Mitotic spindle:
From living and synthetic systems to theory

28 - 31 March 2021 I Split, Croatia

The focus of this conference will be the biophysics of the mitotic spindle, with emphasis on self-organization, forces, size and shape of the spindle. Our goal is to bring together scientists working on cell biology and quantitative imaging of the spindle, in vitro reconstitution of spindle subsystems, and theoretical models that link these experiments to provide new insights. The conference will be attended by over 200 participants from 18 countries. There will be 19 invited talks, 20 talks selected from submitted abstracts and a poster session. The meeting will be organized in a hybrid form with some people in Split and others online. It will be held on Zoom, and Slack workspace will be used for further questions and discussions among the attendees. The sessions are planned to start at 4 pm CET / 10 am EST and end around 10:30 pm CET / 4:30 pm EST each day.

Zoom and Slack links have been sent to registered participants. If you haven’t received the links or you can’t find them, please send a request to

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Invited Speakers





Talks & Posters



Local Organizers:

Juraj Simunić (moderator)
Kruno Vukušić, Maša Sabo & Ivana Šarić
Ruđer Bošković Institute

Web design: Ivana Ban, Faculty of Science

Program Committee

Professional Congress Organizer: URKA –, travel agency

Contact person: Nina Dumančić
Phone: + 385 1 4827-279


Conference registration is closed.


Abstract submission deadline

1 February 2021

Participants will be notified whether their abstract is selected for a talk or a poster by

26 February 2021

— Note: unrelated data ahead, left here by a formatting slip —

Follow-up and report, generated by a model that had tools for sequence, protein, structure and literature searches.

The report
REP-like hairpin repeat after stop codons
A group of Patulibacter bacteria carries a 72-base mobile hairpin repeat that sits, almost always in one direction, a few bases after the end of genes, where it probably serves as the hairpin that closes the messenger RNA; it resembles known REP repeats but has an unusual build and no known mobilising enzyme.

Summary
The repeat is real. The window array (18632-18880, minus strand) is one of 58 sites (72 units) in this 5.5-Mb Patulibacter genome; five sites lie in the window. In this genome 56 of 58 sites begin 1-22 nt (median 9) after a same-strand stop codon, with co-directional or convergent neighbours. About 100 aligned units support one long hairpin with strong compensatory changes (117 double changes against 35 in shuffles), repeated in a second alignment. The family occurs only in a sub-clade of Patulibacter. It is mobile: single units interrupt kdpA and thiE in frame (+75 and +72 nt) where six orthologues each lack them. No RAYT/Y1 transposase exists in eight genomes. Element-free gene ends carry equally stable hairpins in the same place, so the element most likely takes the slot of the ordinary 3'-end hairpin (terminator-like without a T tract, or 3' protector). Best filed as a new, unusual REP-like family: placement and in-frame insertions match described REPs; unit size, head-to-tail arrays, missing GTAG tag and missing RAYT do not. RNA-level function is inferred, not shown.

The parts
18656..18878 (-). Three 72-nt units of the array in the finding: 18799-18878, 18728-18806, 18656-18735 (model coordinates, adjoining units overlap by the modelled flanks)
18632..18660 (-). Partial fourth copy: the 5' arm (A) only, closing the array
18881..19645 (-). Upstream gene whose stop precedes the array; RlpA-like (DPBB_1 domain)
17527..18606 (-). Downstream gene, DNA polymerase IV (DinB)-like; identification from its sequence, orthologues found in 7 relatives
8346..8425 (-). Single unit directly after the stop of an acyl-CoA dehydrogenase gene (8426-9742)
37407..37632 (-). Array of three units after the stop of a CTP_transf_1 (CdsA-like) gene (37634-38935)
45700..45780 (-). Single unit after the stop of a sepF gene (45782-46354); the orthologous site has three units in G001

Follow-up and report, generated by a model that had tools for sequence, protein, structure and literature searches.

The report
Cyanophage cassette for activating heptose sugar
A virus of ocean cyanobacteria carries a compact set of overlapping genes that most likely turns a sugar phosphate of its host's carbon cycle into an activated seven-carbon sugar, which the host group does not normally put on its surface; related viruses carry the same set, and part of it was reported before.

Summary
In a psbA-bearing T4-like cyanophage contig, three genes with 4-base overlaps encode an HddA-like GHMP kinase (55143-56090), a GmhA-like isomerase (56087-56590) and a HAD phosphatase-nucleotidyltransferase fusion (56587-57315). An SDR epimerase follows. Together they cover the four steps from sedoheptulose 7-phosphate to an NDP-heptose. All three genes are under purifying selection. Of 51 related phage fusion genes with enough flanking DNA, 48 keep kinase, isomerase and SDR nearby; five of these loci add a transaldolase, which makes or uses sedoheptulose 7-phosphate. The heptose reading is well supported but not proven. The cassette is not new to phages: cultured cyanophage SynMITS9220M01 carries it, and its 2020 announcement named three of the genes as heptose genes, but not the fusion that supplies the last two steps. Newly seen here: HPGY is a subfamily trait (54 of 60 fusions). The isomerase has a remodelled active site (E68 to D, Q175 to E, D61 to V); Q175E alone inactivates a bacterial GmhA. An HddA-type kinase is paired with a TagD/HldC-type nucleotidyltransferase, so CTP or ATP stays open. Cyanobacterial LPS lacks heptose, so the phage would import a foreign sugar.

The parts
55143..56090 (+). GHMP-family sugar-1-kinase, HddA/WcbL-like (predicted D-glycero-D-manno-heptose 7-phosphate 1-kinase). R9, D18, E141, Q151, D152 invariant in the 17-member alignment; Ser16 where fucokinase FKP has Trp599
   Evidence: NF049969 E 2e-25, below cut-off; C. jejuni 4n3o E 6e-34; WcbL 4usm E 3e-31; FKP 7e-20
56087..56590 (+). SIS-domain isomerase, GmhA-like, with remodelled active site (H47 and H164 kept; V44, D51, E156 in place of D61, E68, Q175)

Abstract submission



Split is the largest city in Dalmatia and second largest city in Croatia which lies on the Adriatic coast, on the Split (Marjan) peninsula.

The history of Split is over-flowingly rich. Diocletian Palace and the entire historical core of Split have been on the World Heritage UNESCO list ever since 1979 for the extraordinary preservation of the Palace. A walk through the ancient city takes you through time, along the great examples of ancient architecture like Peristyle, the middle aged Romanesque Church and Gothic Palace, Renaissance portals of the noblemen’s houses, Baroque facades and modern architecture superbly merged in the rich heritage.

The cathedral was built in the Middle Ages, reusing materials from the ancient mausoleum. Twelfth and 13th-century Romanesque churches, medieval fortifications, 15th-century Gothic palaces and other palaces in renaissance and baroque style make up the rest of the protected area.

One of the most important symbols of the city is the Marjan hill which rises on the west side of the peninsula, in the immediate vicinity of the old city centre.


This conference is supported by HRZZ - Croatian Science Foundation (CSF)

and European Research Council (ERC)